Saint-Quentin emergency services restricted to urgent cases overnight until end of July

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The emergency department at the Saint-Quentin hospital will be closed overnight to all but the most urgent of cases until July 31. (CBC - image credit)
The emergency department at the Saint-Quentin hospital will be closed overnight to all but the most urgent of cases until July 31. (CBC - image credit)

Starting Friday, the emergency department at the Saint-Quentin hospital will be closed overnight to all but the most urgent of cases.

Physician shortages and summer vacations are responsible for the service changes at Hôtel-Dieu Saint-Joseph de Saint-Quentin, according to a news release from the Vitalité Health Network.

Between 8 p.m. and 8 a.m. every night until July 31, staff will only treat cases that correspond to triage levels 1, 2 and 3.

Level 1 represents cases where resuscitation is necessary for conditions such as heart attack or major trauma. Level 2 is considered "very urgent" and would include severe respiratory distress. Level 3 is "urgent" and includes things such as  digestive hemorrhages and open fractures.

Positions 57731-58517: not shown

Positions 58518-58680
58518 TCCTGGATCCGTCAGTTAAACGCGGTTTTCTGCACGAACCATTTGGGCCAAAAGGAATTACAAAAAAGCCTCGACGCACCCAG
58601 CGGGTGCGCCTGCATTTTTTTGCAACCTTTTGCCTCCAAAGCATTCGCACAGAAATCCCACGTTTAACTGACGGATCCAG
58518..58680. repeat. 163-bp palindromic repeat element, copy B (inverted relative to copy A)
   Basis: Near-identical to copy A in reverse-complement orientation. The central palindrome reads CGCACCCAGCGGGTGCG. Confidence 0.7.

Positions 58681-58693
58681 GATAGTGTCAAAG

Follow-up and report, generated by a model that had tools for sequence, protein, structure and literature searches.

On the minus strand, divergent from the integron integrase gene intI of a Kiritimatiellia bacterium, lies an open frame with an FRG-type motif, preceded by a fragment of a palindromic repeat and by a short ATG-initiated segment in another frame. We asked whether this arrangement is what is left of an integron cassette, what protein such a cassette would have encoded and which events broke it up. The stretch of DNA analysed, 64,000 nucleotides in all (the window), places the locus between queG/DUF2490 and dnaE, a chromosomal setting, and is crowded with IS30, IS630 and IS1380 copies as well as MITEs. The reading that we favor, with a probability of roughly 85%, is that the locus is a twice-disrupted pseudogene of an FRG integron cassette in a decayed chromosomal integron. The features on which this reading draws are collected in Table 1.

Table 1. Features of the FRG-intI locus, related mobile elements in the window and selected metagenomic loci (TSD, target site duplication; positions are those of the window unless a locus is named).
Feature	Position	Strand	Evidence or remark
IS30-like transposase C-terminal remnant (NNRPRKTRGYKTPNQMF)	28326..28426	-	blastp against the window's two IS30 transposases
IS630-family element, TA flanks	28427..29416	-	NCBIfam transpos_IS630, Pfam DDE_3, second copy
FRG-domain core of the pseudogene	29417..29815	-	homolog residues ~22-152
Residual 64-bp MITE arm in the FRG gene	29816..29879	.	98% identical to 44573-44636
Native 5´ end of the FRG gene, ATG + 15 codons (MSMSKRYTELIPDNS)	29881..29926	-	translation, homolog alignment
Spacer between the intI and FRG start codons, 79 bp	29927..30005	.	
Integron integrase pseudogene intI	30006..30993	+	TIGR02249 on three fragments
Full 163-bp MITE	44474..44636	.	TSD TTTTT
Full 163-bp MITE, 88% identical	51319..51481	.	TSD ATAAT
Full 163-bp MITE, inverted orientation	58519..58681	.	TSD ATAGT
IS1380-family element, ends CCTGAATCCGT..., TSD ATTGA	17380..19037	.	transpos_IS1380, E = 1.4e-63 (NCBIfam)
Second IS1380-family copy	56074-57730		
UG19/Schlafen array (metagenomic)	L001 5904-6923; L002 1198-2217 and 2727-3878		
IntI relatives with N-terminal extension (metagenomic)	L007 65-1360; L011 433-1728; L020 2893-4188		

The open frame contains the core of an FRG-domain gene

All other patients will have to go to "neighbouring facilities or come back during the day" between 8 a.m. and 8 p.m., says the news release.

"This will allow the teams to ensure a medical presence on site and maintain continuity of services and care for urgent conditions."

The release says summers are always a challenge "due to the well deserved vacations of staff and physicians."

Dr. Natalie Banville, vice-president of medical affairs for Vitalité, said the priority is to maintain "quality health care and services for the entire population."

The release alluded to other possible changes over the summer and promised that Vitalité officials would alert the Saint-Quentin and Kedgwick regions about changes as they arise.

"Recruiting efforts continue. The Network is optimistic that it will be able to fill vacant positions as a result of the current and upcoming recruiting campaigns," stated the news release.

"Just like the people of New Brunswick, the Network, staff and physicians want to return to normal as soon as possible."

Banville also thanked neighbouring health centres "that will manage all the other patients as well as the population of Restigouche West and the community of Saint-Quentin in particular for their understanding and collaboration in this exceptional situation."

A spokesperson for Vitalité did not respond to a request for an interview Thursday afternoon.

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